Too Sleepy to Drive? How Can You Really Know?

We’ve all been there: That moment behind the wheel when your head snaps upright and you realize you just dozed for a brief second.

What if that sleepy operator were the pilot of the plane taking you from New York to San Francisco? What if it’s the driver of the semi truck barreling toward you with a full load of flammables on board? What if it’s the driver of a tank during wartime, disoriented and trying to figure out where the front line—and the enemy—are?

Most researchers studying sleep examine disorders such as narcolepsy, apnea, or insomnia. Only four research centers in the nation examine the effects of sleep on performance primarily in “normals”—the people with no known sleep disorder who make up the vast majority of the population.

One of these four centers is at WSU Spokane.

Dr. Gregory Belenky examines these critical questions of sleep and performance in normal people going about their everyday lives. He works closely with basic science colleagues in Pullman; the Spokane sleep medicine community; and sleep and human performance researchers joining him at WSU Spokane to create a full spectrum, integrated program in sleep ranging from basic laboratory science through applications of the discoveries there to clinical research.

Their work could change the way we view—and manage—our sleep: as the critical performance resource it really is.

How do we study sleep and performance?

The technology to conduct these studies has been developed over the past 20 years at the Walter Reed Army Institute of Research, where Dr. Belenky previously conducted his research.

He holds the patent on the system and method for predicting human cognitive performance using two devices:

the sleep watch actigraph, an unobtrusive device worn on the wrist that measures arm movement, from which a sleep/wake history can be obtained over months of continuous recording; a Palm Pilot or equivalent personal data assistant (PDA) used to administer cognitive tests by which performance can be measured daily for months as well.

The combined use of these devices enables the objective measurement of sleep and of performance and the tracking of the impact of varying amounts of sleep on performance over time.

This method enables the identification of high-risk schedules on the one hand, and contributes to the development of mathematical models to predict performance on the basis of prior sleep on the other—mathematical models that will be critical to any effort to effectively manage sleep to sustain performance.

Studies are being developed in a variety of populations: crews flying refueling missions from Fairchild Air Force Base; patrol officers in the Spokane Police Department; medical interns and residents in the University of Washington residency programs in Spokane; workers pulling long shifts in an FDA-approved manufacturing plant (Hollister-Stier).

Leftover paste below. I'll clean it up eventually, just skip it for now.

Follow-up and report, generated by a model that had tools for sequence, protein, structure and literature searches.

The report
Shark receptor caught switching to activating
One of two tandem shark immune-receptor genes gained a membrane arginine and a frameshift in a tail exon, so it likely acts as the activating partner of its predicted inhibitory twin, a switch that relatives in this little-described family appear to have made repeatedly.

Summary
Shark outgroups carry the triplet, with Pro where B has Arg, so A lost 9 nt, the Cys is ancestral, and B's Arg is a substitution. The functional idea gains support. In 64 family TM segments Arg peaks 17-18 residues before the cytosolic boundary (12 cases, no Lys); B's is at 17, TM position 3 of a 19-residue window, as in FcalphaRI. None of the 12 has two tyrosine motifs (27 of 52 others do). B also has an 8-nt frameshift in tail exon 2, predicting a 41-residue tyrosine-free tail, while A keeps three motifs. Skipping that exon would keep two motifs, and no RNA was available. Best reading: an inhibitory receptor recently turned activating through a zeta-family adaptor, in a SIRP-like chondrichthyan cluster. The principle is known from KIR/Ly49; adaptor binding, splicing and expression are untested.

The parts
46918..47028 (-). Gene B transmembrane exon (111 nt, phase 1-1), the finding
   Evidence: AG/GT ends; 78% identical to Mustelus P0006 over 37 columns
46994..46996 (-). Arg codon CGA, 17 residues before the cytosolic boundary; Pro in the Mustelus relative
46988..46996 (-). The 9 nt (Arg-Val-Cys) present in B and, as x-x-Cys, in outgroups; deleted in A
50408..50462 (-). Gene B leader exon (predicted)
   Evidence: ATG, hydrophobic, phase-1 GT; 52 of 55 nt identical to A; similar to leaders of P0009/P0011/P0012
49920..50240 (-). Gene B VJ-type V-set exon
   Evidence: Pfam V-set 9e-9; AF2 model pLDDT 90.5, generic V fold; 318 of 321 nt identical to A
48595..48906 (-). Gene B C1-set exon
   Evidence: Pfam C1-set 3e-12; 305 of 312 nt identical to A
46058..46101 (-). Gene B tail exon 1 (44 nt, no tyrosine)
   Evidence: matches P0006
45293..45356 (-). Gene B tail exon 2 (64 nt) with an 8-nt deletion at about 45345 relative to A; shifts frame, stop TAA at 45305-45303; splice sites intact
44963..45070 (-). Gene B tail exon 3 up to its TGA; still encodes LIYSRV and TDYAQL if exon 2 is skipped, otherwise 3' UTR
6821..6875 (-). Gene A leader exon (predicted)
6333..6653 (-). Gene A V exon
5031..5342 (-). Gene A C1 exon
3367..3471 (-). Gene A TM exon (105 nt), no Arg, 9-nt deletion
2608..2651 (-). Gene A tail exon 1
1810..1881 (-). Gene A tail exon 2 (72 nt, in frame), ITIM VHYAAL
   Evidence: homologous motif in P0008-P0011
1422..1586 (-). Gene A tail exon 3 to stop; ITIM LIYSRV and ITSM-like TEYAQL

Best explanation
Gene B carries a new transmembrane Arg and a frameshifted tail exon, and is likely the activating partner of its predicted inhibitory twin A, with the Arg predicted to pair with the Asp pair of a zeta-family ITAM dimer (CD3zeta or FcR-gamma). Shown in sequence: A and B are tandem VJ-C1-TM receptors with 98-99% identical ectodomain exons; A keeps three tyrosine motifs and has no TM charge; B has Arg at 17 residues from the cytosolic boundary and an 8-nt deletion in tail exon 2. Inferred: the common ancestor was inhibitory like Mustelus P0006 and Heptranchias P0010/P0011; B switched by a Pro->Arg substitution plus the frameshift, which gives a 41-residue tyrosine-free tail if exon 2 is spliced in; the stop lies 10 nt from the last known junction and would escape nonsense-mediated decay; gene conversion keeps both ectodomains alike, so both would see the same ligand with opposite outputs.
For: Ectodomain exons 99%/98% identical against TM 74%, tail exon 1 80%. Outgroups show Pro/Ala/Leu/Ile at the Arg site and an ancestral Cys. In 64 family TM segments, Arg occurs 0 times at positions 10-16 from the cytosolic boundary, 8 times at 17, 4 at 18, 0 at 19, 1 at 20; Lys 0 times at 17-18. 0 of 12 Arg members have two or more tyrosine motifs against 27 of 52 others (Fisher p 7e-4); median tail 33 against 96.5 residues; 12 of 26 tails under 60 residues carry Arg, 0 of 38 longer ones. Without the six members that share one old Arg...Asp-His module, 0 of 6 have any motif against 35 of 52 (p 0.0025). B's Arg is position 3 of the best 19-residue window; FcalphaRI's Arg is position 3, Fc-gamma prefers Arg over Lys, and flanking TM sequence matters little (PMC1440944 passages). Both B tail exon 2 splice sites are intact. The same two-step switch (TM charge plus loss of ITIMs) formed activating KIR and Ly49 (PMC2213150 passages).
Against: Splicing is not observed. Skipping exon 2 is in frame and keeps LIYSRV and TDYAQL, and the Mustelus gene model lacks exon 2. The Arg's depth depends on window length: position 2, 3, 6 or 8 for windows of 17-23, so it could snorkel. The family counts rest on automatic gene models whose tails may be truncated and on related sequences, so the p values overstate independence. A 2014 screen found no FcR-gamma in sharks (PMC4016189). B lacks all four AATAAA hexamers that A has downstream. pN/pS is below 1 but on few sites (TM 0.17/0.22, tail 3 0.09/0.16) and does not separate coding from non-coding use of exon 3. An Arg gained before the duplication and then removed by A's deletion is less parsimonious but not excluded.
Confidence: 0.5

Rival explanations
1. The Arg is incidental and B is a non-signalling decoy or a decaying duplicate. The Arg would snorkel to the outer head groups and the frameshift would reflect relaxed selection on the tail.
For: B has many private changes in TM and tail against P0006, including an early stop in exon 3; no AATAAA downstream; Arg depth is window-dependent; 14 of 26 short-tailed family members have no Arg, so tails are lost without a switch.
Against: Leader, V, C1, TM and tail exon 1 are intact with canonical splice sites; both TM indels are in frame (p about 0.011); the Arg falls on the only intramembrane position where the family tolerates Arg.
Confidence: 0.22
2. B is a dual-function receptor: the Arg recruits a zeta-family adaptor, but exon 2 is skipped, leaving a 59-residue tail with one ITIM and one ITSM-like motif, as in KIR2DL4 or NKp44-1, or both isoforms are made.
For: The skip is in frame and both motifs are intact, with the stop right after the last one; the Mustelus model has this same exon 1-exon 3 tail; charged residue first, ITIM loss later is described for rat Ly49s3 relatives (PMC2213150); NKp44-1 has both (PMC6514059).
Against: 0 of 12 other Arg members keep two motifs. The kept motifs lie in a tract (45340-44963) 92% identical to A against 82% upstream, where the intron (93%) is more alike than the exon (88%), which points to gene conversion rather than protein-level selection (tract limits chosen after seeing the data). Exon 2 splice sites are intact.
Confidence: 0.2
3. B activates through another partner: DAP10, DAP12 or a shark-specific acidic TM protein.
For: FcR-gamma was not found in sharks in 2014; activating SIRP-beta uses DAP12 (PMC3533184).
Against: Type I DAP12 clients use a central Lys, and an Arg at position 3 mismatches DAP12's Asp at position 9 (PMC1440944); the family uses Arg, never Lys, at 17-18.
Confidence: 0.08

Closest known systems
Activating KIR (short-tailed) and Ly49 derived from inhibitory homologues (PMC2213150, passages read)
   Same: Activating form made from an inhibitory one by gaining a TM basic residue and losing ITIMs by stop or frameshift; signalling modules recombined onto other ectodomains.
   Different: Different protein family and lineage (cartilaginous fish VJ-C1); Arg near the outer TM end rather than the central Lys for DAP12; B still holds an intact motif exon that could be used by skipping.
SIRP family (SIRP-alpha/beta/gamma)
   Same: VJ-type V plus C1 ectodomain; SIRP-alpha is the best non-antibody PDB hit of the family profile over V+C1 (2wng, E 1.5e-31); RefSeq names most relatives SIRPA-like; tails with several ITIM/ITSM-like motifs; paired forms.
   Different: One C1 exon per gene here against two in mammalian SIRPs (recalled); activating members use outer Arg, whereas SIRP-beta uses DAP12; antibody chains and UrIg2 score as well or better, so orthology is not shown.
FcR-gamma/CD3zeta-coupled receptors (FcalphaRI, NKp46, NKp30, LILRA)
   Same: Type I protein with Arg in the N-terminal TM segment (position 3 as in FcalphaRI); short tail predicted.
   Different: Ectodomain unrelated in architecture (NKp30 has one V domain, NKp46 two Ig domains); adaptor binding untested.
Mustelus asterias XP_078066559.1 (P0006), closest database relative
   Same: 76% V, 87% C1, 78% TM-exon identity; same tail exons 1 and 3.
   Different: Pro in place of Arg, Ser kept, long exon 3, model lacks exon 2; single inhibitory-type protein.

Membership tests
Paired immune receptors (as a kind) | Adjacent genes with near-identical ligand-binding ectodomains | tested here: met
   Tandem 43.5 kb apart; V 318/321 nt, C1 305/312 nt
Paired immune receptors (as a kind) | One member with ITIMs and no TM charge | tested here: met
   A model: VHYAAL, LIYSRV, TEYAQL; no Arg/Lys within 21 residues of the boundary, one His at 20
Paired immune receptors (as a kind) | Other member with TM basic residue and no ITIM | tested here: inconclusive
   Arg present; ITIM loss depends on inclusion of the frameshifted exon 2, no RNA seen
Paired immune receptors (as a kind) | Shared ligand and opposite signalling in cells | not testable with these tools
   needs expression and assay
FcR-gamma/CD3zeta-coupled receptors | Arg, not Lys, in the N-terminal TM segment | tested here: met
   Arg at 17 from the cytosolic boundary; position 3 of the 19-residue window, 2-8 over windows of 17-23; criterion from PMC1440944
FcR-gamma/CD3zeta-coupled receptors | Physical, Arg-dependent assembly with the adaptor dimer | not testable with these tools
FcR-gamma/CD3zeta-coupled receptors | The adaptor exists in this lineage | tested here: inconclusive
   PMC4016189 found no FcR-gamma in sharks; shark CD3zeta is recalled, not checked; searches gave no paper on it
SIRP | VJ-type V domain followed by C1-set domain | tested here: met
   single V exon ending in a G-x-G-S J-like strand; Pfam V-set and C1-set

Supplemented by in-residence laboratory studies, these studies will break new ground in the study of sleep and performance, bringing the science of sleep and sleep medicine to bear on operational and clinical populations and elucidating the true impact of sleep restriction on performance and subsequent recovery.

The effect of sleep restriction and recovery on performance in normal people is a major focus of funding efforts in sleep in the next five years at the National Institutes of Health, as well as at the Department of Defense, Department of Transportation, and Department of Justice; it is also of interest to the Department of Health and Human Services.


Featuring: Gregory Belenky, M.D.

Gregory Belenky is a research professor at Washington State University Spokane, where he launched the Sleep and Performance Research Center—the first focus area of the Spokane Alliance for Medical Research. Dr. Belenky’s research ranges from basic to applied and includes sleep, sleep deprivation and continuous operations; combat stress reactions and post-traumatic stress disorder; and the neurobiology of human behavior and adaptation. His work has been funded by the Department of Defense, the Department of Transportation, the Department of Labor, and several other sources. Before coming to WSU Spokane, Dr. Belenky held the rank of Colonel in the U.S. Army Medical Corps, and served as Director of the Division of Neuroscience at the Walter Reed Army Institute of Research (WRAIR). Dr. Belenky pioneered the development of non-invasive ambulatory sleep/wake monitoring techniques and Palm OS-based performance tests such as the Palm Pilot psychomotor vigilance task, for the first time making possible studies of sleep and performance in normal and clinical populations going about their daily lives. He holds several patents on the Sleep Watch actigraph. It is the core of the U.S. Army’s developing Sleep Management System, a tool to enable commanders to effectively manage sleep to sustain performance in the operational environment.

Gregory Belenky’s groundbreaking research examines the critical questions of sleep and performance in people going about their everyday lives. The work of Dr. Belenky and his colleagues could change the way we view-and manage-our sleep: as the critical performance resource it really is.

Dr. Belenky is heading studies investigating how sleep restriction affects the performance of professionals in high-stress jobs with long hours and irregular schedules, including police officers and first-year doctors. These studies will break new ground in the study of sleep and performance, uniting the science of sleep and sleep medicine to determine the true impact of sleep restriction on performance and subsequent recovery.